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UK house prices fall after mini-budget shock, but CEO pay soars – business live | Business

Introduction: UK house prices fall after mini-budget shock

Good morning, and welcome to our rolling coverage of business, the financial markets and the world economy.

UK house prices fell in October at the fastest rate since early last year, as the market was rocked by the fallout from the disastrous mini-budget.

The average house price fell by 0.4% in October, figures just released by the Halifax building society shows. That’s the sharpest fall on Halifax’s index since February 2021, following a 0.1% drop in September.

That pulls the annual rate of house price inflation down to 8.3% from 9.8%, and means the typical UK property now costs £292,598, down from £293,664 last month.

The market cooled as hopeful housebuyers saw mortgage rates surge, with lenders removing thousands of offers as the cost of borrowing rocketed. The average two-year fixed-rate home loan jumped over 6.5% in October, from below 5% before the mini-budget.

Halifax house prices index to October
Halifax house prices index to October Photograph: Halifax

Average prices remain near record highs, but the recent period of rapid house price inflation may now be at an end, warns Kim Kinnaird, director at Halifax Mortgages.

Kinnaird explains that the surge in UK costs following former chancellor Kwasi Kwarteng’s package of unfunded (and now abandoned) tax cuts was a ‘significant shock’:

While a post-pandemic slowdown was expected, there’s no doubt the housing market received a significant shock as a result of the mini-budget which saw a sudden acceleration in mortgage rate increases.

While it is likely that those rates have peaked for now – following the reversal of previously announced fiscal measures – it appears that recent events have encouraged those with existing mortgages to look at their options, and some would-be homebuyers to take a pause.

Annual house price growth slowed in every region of England apart from the North East, and also slowed in Northern Ireland, Scotland, and Wales.

Halifax’s survey matches a similar report from Nationwide last week, which also showed a fall in house prices last month.

Many economists have predicted that house prices could fall by around 10% next year, as the UK falls into recession and households are squeezed hard by surging energy and food prices.

Kinnaird predicts a ‘much slower period for house prices’, as Kwarteng’s successor, Jeremy Hunt, prepares a package of hefty tax rises and spending cuts.

“Understandably we have also seen consumer caution grow, as industry data shows mortgage approvals and demand for borrowing declining. The rising cost of living coupled with already stretched mortgage affordability is expected to continue to weigh on activity levels.

With tax rises and spending cuts expected in the Autumn Statement, economic headwinds point to a much slower period for house prices.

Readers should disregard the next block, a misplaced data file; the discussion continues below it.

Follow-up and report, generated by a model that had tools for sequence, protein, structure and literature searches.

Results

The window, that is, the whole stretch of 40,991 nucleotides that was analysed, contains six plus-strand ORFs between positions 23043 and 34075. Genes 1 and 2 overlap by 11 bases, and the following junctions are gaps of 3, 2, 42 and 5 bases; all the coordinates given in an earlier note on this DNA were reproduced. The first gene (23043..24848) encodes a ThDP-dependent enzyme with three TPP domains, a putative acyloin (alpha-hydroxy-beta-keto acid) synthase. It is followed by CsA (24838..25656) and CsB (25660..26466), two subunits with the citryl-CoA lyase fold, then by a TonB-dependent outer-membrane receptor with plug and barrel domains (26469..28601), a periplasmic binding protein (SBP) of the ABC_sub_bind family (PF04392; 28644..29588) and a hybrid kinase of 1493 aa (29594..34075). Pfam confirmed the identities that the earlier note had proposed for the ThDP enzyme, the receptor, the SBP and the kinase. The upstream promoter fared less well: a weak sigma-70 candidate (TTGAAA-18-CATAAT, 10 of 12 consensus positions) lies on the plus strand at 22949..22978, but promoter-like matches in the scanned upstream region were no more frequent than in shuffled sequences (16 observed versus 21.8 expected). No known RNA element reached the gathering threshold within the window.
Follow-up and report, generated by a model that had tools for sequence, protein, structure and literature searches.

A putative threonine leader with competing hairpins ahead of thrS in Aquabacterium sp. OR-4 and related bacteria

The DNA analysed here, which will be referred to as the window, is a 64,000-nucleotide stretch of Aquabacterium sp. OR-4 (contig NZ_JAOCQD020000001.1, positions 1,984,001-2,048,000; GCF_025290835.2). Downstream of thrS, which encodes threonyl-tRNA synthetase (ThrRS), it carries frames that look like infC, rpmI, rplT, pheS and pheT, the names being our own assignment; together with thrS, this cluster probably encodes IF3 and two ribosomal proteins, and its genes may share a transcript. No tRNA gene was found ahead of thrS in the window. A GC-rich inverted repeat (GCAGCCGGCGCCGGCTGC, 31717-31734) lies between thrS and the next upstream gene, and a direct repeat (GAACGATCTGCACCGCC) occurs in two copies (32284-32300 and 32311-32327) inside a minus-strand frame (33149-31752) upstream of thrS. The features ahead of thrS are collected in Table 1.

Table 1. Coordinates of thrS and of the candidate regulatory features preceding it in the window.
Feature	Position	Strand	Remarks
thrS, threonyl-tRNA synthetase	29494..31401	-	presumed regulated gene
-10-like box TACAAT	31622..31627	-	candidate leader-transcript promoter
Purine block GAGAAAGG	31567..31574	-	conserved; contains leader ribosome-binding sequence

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Halixax survey shows “house prices are on the turn”

Average UK house prices will fall between 5-10% over the next 12 to 18 months, predicts the EY ITEM Club.

Martin Beck, their chief economic advisor, predicts the drop in house prices in October will be repeated in the coming months:

Although mortgage rates have retreated from the highs seen just after the mini-Budget, they remain elevated compared to early-mid September. For example, the current standard variable rate on a Halifax mortgage is 5.74%, compared to 3.74% pre-mini-Budget.

House prices are still very high on most metrics with average property prices having risen more than £22,000 in the past 12 months, and by almost £60,000, or just over a quarter, over the last three years.

Cost of living pressures remain significant, and household incomes face an added challenge due to tax rises and public spending restraint in November’s Autumn Statement, while consumer confidence remains depressed.

House prices fall as ‘affordability hurdle’ rises

The “growing affordability hurdle” is stopping the UK’s runaway housing market in its tracks, warns Myron Jobson, senior personal finance analyst at interactive investor.

Jobson explains that rising interest rates and the cost-of-living crunch are hitting buying activity and purchase prices, leading to the 0.4% drop in house prices month-on-month in October.

And he fears this affordability problem will get worse:

“Soaring mortgage rates have become a particular pain point for buyers. The housing market was buffeted by the mortgage market turmoil last month in the aftermath of the ill-fated mini-Budget, which sent rates soaring and lead to the withdrawal of some products temporarily from the market.

This has pushed many wannabe homeowners to the sidelines. While the mortgage marketplace is on a sturdier footing, the likelihood of further interest rate rise to rein in rampant inflation means things could get worse before they get better from an affordability perspective for buyers.

It’s a particularly rough time for first-time buyers, Jobson adds:

Both home prices remains high compared to yesteryear and mortgage rates have risen, while soaring inflation is eating into disposable incomes – making it harder to save for a deposit.

China’s trade unexpectedly shrinks as demand slows

China has suffered its first contraction in international trade since May 2020, early in the pandemic, in a sign that the global economy is slowing.

Exports and imports unexpectedly contracted in October, as Chinese firms were hit by Covid-19 curbs at home and the global slowdown.